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50 Years in the Making: The Rise of the Mighty SM7B

In 2023, Shure is celebrating the 50th anniversary of a microphone that has gained worldwide popularity among musicians, podcasters and streamers alike. Join Shure historian MICHAEL PETTERSEN as he enters the company archives to uncover the secrets it holds about the rise of the mighty SM7B.
June, 06 2023 |
Old SM7 photo and advertisement

Back to the Roots

The SM7 story really begins with the SM5 broadcast microphone – a unidirectional dynamic boom mic introduced in 1964 that was designed for television and film studios. It was a beast, measuring over 10” in length and weighing in at a hefty two pounds.

The rather beefy SM5 in 1965.

In the late 1960s, Shure set out to develop a new microphone designed especially for recording studios, radio stations, and voiceover work. 

According to lore, the development of the SM7 went something like this: A group of Shure microphone engineers started with the Unidyne III SM57 element and transformed it into a voiceover mic. 

The SM7 microphone made its debut in 1973. 

Genesis of the SM Line

In 1963, Shure professional products market manager Bob Carr proposed a new line of microphones designed for radio, television and film studios.

The SM (Studio Microphone) line was based on existing mic models, but offered new features designed for studio use. These included a dark non-reflective surface for television studio use, a three-pin male XLR connector, and dual low impedance. On/off switches were eliminated or concealed behind a metal plate to prevent the mic from being accidentally muted when in use.



In 1964, the SM line was introduced; it included the SM5, SM33, SM50, SM56, and SM76. In 1965, the SM57 was added and a year after that, the SM58®. Several of these microphones, notably the SM57 and SM58®, found a home on stages for live performance where they dominate to this day.

The SM7, added to the line in 1973, immediately lived up to its birthright as a studio mic.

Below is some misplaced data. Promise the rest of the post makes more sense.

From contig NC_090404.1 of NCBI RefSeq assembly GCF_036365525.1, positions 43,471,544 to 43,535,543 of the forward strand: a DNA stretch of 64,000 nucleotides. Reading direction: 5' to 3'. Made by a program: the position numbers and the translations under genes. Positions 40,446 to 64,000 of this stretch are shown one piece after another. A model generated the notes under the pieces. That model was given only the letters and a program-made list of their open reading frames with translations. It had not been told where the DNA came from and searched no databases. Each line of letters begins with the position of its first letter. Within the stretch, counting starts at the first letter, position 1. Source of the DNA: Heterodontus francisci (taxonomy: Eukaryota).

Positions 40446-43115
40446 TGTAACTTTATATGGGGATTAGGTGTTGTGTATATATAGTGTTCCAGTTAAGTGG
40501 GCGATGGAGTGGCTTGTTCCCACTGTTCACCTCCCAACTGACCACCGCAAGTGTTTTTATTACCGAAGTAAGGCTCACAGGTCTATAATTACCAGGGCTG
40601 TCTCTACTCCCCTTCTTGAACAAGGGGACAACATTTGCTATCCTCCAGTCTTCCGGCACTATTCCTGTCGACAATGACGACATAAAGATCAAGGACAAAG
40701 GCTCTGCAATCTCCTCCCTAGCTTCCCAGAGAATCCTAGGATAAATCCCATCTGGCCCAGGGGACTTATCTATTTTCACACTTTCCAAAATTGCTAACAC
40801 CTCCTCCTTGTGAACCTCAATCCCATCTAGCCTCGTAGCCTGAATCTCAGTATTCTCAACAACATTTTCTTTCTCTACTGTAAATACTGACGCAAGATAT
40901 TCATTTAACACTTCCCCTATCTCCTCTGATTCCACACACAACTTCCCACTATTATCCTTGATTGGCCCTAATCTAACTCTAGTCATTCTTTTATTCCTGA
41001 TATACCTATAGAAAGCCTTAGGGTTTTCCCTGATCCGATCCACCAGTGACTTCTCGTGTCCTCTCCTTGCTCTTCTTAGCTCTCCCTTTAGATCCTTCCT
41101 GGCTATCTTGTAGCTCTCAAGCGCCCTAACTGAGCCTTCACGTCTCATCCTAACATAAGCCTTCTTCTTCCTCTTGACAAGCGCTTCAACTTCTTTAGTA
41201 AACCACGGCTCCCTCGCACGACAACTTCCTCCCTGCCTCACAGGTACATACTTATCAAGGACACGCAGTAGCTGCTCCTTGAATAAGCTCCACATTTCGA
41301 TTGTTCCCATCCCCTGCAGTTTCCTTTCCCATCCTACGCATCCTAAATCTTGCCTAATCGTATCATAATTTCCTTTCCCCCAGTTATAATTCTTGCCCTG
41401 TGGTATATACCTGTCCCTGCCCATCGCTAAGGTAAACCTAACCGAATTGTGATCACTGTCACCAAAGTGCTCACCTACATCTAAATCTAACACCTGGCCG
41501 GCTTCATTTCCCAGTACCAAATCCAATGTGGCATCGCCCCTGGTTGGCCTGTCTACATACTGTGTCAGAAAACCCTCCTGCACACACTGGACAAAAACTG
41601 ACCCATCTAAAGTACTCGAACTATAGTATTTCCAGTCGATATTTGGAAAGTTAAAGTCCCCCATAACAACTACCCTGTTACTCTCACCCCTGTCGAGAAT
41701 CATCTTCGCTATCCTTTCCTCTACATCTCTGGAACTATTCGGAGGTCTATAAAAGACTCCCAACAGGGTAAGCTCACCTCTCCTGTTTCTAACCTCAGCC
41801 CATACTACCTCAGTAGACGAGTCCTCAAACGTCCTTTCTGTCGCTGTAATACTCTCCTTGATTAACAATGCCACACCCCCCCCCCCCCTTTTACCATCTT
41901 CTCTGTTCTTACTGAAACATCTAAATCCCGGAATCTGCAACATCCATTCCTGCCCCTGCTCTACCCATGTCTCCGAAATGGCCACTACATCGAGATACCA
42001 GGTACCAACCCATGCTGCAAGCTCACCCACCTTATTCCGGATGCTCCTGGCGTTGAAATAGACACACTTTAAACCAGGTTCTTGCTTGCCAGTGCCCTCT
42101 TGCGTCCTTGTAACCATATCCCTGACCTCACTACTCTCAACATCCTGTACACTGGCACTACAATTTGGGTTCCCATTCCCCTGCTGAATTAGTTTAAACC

Gerry Plice and the Design Patent

Gerry Plice, a microphone development engineer, gets credit for the striking and highly recognizable industrial design of the SM7. This was unusual, since a development engineer traditionally creates the transducer inside a microphone, with the exterior enclosure being handled by a design engineer or an outside design firm.

Yet it was Gerry, untrained in industrial design, who fashioned the look of one of the most iconic Shure microphones. In November 1974, US Design Patent 233,669 was issued to Gerald W. Plice, Morton Grove, Illinois, for “Microphone.”

Variation on a Theme

The Shure Unidyne III cartridge is the engine in many Shure moving coil dynamic microphones, including the SM57, SM58®, and SM7. There are, however, some important differences in the SM7 cartridge design.

As a mic designed for broadcasting and voiceover work, the SM7 diaphragm is optimized for increased low-end response by being thinner, and therefore more flexible. The housing of the SM7 allows for a larger volume of air behind the cartridge, which also extends its voice-friendly low-end response.

To increase the output level, the voice coil employs a smaller diameter of wire and has three times as many turns as an SM57 or SM58 voice coil. The thinner diaphragm and heavier voice coil affect the natural resonance frequency of the SM7. All these factors combine to provide the rich low-end response preferred by voiceover artists.

Frequency Switch an Exclusive

One of the features of the SM7 that distinguishes it from many other vocal microphones, in is its variable frequency filter switches. These filters were inspired by the A15 series of adapters.


In 1969, Shure introduced six in-line audio adapters dubbed the A15 Series of Problem Solvers. The larger housing of the SM7 made it feasible to include two A15 functions:

- The A15HP (High Pass) filter attenuates [reduces] bass frequencies below 300 Hz.

- The A15RS (Response Shaper) attenuates treble frequencies above 1,000 Hz.